- Prior 49.5
- Manufacturing PMI 44.2 vs 43.0 expected
- Prior 43.0
- Composite PMI 46.8 vs 48.7 expected
- Prior 48.6
The BOE did mention that they had gotten a glimpse of the data here and with the services reading falling to a 32-month low, you can understand more on why they decided to pause yesterday. It’s a big miss on estimates and the manufacturing slump is also still continuing with the reading still in contraction territory. S&P Global notes that:
“The disappointing PMI survey results for September
mean a recession is looking increasingly likely in the UK.
The steep fall in output signalled by the flash PMI data is
consistent with GDP contracting at a quarterly rate of over
0.4%, with a broad-based downturn gathering momentum
to hint at few hopes of any imminent improvement.
“Underscoring the severity of the UK’s deteriorating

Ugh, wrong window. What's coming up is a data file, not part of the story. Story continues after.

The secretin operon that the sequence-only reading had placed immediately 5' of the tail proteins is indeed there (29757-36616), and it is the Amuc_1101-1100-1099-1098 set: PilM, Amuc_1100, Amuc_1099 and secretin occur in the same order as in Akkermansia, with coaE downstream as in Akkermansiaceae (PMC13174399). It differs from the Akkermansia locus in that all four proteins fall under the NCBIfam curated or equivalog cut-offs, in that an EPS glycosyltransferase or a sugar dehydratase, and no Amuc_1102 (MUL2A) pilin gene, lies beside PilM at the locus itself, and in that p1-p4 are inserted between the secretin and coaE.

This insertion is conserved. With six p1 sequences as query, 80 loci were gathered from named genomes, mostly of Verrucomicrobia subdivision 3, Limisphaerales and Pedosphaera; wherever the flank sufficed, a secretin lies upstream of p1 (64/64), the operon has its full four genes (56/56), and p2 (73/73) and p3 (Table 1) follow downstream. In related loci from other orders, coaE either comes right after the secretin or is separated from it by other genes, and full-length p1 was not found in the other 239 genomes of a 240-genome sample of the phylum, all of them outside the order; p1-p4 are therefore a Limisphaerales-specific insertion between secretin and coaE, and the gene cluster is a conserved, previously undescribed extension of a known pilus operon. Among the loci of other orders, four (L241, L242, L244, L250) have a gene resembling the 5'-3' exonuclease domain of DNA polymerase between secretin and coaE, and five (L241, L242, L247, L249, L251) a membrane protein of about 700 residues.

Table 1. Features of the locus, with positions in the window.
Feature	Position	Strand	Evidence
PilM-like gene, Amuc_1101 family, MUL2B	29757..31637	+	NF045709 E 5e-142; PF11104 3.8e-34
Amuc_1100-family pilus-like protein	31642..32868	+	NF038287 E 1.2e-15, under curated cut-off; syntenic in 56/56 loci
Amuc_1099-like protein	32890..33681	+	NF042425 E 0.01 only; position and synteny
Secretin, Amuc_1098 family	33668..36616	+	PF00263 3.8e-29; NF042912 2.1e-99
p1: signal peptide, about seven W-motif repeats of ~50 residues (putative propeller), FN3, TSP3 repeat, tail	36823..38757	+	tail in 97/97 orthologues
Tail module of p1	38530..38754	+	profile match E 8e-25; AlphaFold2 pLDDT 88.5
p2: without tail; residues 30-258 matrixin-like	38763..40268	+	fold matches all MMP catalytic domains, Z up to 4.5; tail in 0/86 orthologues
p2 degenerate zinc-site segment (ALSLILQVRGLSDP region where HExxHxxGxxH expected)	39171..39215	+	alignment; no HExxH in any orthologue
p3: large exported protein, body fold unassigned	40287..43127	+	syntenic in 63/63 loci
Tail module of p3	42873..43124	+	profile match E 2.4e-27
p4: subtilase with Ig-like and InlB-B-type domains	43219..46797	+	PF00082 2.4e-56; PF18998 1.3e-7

situation, September’s downturn is the steepest since the
height of the global financial crisis in early 2009 barring
only the pandemic lockdown months.
“The survey had warned that a revival of growth in the
second quarter looked unsustainable, and the third quarter
is indeed seeing a mounting toll on the economy from the
reality of the increased cost of living and the recent rapid
rise in interest rates.
“Despite higher fuel prices during the month, firms’ costs
grew at a sharply reduced rate overall which, combined
with collapsing pricing power amid weak demand, looks
set to take further pressure off inflation in the coming
“A major concern in the inflation outlook has been wage
growth, but with the survey now signalling the sharpest fall
in employment since 2009, wage bargaining power is
being eroded rapidly.
“With the Bank of England having had sight of the survey
data prior to its latest policy decision, the worrying signals
from the survey of heightened recession risk and cooling
inflationary pressures are likely to have added to calls to
halt rate hikes.”